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I'm composing a song that is in E♭ phrygian which can also be regarded as A♭ aeolian. Do I note this in the key E♭ minor (6 flats) or Aflat; minor (7 flats)?

In general: Is the key oriented on the base note or the number of flats/sharps actually played?

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Eb minor is simply not Eb phrygian. These are different modes altogether. If you notated it in Eb aeolian = Gb maj, you would need an accidental to get you to Phrygian.

So, is the song really completely on the Phrygian mode or aeolian with occasional flat 2? If it is Eb phrygian it would make sense to write it in Ab minor (Cb Maj, oy).

In general the "key" is not the base note of the mode, but the number of flats and sharps.

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    What does oy mean in this context? – infinitezero Dec 22 '18 at 2:26
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    Like, Oy Vey. Hebrew-Yiddish for woe, as in woe is me. Cb is quite a choice of key. – ggcg Dec 22 '18 at 3:23
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Modes are based on major keys ( and minor, but that's not the issue here).

Just as every major key has its own key signature, which essentially tells which will be the diatonic notes for the piece, there is a relative minor which contains the same notes, thus with the same key signature. Move to notes from not the Aeolian but harmonic or melodic minors, and accidentals become necessary.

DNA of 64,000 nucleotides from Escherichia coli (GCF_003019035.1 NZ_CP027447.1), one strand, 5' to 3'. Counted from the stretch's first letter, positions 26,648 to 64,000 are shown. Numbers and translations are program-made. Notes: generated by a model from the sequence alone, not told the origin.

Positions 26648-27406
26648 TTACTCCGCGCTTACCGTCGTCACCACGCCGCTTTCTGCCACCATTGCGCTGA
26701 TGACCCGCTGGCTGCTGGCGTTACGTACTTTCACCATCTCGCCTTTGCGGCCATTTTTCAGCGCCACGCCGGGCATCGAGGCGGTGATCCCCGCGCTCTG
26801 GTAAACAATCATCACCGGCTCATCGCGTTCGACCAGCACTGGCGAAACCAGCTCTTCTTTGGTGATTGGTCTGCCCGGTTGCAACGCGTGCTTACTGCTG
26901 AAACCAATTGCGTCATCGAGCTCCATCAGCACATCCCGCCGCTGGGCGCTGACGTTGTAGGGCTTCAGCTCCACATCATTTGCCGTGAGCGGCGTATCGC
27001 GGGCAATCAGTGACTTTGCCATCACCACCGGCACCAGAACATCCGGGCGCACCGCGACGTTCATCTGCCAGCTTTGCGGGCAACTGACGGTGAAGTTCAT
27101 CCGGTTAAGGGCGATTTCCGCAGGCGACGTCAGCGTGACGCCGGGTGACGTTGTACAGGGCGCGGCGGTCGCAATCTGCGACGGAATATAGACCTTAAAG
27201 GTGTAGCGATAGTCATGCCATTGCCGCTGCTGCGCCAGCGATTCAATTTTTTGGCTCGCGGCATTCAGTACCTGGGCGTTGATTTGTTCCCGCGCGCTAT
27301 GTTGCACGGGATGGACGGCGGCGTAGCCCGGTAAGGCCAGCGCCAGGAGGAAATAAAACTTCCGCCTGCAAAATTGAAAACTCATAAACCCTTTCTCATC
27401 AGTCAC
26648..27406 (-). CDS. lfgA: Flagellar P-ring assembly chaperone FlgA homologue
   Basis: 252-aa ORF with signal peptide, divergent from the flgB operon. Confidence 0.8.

All the modes of a certain parent key will, by definition, contain those same notes as the parent key. Thus, it's important to use that same key signature for any mode from it.

Eb Phrygian has its parent key as Cb. An awful key to write or read, and to my mind, totally unnecessary. So, if the piece is in Eb Phrygian, the key signature will be that of Cb major. Any notes which do not match those diatonics from it will obviously need accidentals, but the whole point is that at the beginning of the piece there will be a statement "these notes are those which generally will be those used hereinafter." Obviously every note is a flattened one, including C itself (being Cb but landing on a white key on piano).

Yes, Eb Phrygian is a minor key - every Phrygian is a minor key - but just because it's based on Eb does not mean it's anything to do with Eb minor, which contains a different pool of notes. Base everything on the parent major, and it's (slightly) simpler.

ggcg sums it up here - 'oy'... Begs the question - why that mode (from that parent key!)?

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Use the key signature that matches the sharps or flats you have in the scale you are using as a basis for the piece. Any other notes that will be altered from the key signature should use accidentals in the score when those notes are used. Eb Phyrgian would require a flat for every note, so use 7 flats in the key signature.

They key signatures are there for practical purposes, to simplify marking which notes are sharped or flatted. The "root note" is not as much a consideration. We tend to think of key signatures as relating to major and minor keys, but that is mostly because of historical development and the fact that the major and minor scales are the most commonly used. However, in the end, the only question is "which notes are sharped or flatted?" In some modern classical music, mixed key signatures that belong to no key are used because they announce that, for example, a Bb and an F# are used throughout the piece.

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